With that in mind let’s look at the 4 strategies proposed by TJC:
Count process: Standardize policies for all procedures, not just those involving an open chest or abdomen. It should be the entire team’s responsibility to reconcile the count. If one member wants the count repeated, the team should comply.
Team communication in the OR: Call out when and instrument is placed in the body cavity and not promptly removed. When a policy deviation occurs, all staff should be capable and comfortable with speaking out and driving issues up the chain of command.
Tools: Items like white boards, sponge trees, radio-frequency identification technology and others should be available whenever invasive procedures are performed. Staff should be held accountable in regards to consistently utilizing these tools.
Standardize the layout: The physical space of a procedural areas should be as close to replicable as possible. While locations may vary, the equipment available should be consistent. Also, cap the number of people allowed in the procedure room. An excess of individuals in the procedural space can increase noise levels, alter visibility and ultimately distract staff.
With a simple analysis we can squarely see that these all fall within the scope of items 4-6 on the Safeguard list above with two of the recommendations falling within the scope of #4 (Standardize the layout) which deals with workspace design. The other two deal with standards and policies for both communication and the process for counting. Even one of the items (Tools) is a crossover action between standards and policies and holding folks accountable. So truly we are 1.5 actions dealing with the workspace, and 2.5 dealing with policies and procedures.
One thing that is a common thread amongst all these items is that they all depend on Human Performance to be truly effective. And although we do not want to see it or believe it, this is the weakest of all safeguards, the reliance on people. But, the fact is, our caregivers are ultimately responsible. Is it any wonder that we see the following comments regarding URFO’s?
While the frequency of URFOs dipped in 2013 after holding the No. 1 position of most frequently reported sentinel event in 2011 and 2012, the numbers trended upward in 2014 and in 2015 they emerged again as the most frequently reported sentinel event.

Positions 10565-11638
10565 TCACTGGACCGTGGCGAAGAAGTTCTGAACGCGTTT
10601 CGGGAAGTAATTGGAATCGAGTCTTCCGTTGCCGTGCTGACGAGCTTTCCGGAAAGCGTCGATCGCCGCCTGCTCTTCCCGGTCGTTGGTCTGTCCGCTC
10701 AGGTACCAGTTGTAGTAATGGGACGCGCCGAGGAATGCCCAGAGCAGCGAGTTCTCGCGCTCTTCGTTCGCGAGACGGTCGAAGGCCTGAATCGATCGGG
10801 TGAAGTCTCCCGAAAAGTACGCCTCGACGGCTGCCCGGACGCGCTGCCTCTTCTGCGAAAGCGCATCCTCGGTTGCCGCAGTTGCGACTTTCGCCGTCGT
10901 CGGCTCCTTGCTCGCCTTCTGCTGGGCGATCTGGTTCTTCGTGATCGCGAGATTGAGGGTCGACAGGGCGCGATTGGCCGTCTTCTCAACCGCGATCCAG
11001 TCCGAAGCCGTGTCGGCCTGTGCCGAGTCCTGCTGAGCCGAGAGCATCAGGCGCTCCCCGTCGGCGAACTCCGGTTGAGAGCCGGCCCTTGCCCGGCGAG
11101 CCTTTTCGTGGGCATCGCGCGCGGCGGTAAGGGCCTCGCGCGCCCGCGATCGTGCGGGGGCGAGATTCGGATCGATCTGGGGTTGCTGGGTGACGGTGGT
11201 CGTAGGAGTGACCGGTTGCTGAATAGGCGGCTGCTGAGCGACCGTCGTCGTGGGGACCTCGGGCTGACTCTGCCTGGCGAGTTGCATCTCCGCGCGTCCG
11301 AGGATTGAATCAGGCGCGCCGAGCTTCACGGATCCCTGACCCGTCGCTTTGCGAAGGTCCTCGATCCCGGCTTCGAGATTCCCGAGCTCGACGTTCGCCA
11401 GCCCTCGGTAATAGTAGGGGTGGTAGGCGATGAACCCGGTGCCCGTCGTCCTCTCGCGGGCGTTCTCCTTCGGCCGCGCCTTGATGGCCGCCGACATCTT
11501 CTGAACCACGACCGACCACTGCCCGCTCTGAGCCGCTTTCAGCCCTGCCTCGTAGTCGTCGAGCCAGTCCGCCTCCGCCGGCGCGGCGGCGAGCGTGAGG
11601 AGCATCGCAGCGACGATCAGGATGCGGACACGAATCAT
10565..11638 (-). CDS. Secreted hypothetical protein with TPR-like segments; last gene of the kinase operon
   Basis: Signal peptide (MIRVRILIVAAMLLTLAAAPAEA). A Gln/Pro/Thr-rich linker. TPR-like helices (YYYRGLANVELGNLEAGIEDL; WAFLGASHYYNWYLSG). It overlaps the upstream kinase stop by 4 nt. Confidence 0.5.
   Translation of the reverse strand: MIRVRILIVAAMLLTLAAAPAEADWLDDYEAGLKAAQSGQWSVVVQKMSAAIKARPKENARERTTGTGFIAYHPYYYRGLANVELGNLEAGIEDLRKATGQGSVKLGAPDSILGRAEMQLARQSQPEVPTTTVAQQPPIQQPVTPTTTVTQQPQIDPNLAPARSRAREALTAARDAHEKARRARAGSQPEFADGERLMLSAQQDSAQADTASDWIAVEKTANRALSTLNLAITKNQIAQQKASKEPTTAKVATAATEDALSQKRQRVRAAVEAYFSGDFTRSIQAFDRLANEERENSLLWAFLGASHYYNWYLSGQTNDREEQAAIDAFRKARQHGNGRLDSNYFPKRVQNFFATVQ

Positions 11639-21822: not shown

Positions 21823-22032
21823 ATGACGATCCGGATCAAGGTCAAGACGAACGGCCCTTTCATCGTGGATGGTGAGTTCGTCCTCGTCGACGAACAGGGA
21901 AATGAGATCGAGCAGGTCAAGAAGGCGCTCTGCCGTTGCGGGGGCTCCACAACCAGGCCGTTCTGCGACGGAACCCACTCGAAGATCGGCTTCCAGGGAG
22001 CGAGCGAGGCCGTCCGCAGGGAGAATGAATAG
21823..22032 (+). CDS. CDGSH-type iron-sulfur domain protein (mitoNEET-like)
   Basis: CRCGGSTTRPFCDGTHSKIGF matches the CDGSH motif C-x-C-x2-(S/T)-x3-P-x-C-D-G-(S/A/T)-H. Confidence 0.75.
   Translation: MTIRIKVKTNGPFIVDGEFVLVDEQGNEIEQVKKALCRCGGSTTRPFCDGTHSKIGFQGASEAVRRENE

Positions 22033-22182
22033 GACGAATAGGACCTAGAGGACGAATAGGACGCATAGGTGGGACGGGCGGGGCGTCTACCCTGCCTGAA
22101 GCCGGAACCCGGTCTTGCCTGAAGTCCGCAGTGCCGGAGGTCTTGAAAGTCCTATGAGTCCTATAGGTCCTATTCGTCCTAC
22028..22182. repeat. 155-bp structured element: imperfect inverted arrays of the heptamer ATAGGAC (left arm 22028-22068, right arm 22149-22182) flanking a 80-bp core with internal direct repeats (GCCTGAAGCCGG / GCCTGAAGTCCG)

When we implement safeguards near the bottom of the safeguard hierarchy they will quickly raise the awareness on the issue, thus the dip in URFO’s, but over time they will not be effective (alone or in part) in truly changing the behaviors that cause these issues. We need to shift our focus to the top of the hierarchy if at all possible to truly impact performance.
If topics like this interest you, I’m leading a medical track at the 2016 Global TapRooT® Summit. Breakout sessions include:
- 7 Deadly Sins of Human Performance
- TapRooT® Changes for the Medical Community
- Human Error Causes of Quality Problems
- Writing TapRooT® Driven Preventative & Corrective Actions Workshop
- Anatomy of a Medical Investigation & more!
GO HERE to view or download a .pdf brochure.
Read a recent study that stated only 17.4% of ambulatory care nurses (surveyed) comply with all 9 precautions for infection control. Now first, for those who didn’t click above to see how the data was collected, I will let you know that this is SELF-REPORTED data (glean what you will from that tidbit of information). I would bet that compliance is actually much lower causing even greater concern.
To be fair, we are evaluating 9 different precautions. I will say that any statement that includes “wash hands” has low compliance … just walk into any men’s restroom to see that. But what would drives this? Let’s examine the items because it must be impossible to complete all of these, right? Here is the list:
- Provide care considering all patients as potentially contagious
- Wash hands after removing gloves
- Avoid placing foreign objects on my hands
- Wear gloves when exposure of my hands to bodily fluids is anticipated
- Avoid needle recapping
- Avoid disassembling a used needle from a syringe
- Use a face mask when anticipating exposure to air-transmitted pathogens
- Wash hands after providing care
- Discard used sharp materials into sharp containers
As a non-healthcare professional I don’t see a whole lot I disagree with. I mean, you are working with sick people, washing hands, wearing gloves, watch out for bodily fluids… can’t argue with that. So why do we have such low compliance? And remember this is “infection control,” so keeping healthcare professionals and other patients and staff safe.
Well, on our Root Cause Tree® we have a root cause under Management System->SPAC Not Used named, “No way to implement.” I bring this up simply to examine what we request in this list versus the very very dynamic environment in the hospital.
Can it be reasonable (except for the human self-preservation gene) to expect all of these to happen when working to save a coding patient? Or in a situation when an ER has very high census with multiple traumas (a situation I witnessed myself yesterday)?
I guess the answer truly is no. We are providing a SPAC that as written is reasonable, but can be difficult to implement during certain times. Thus, the very honest self-reported numbers.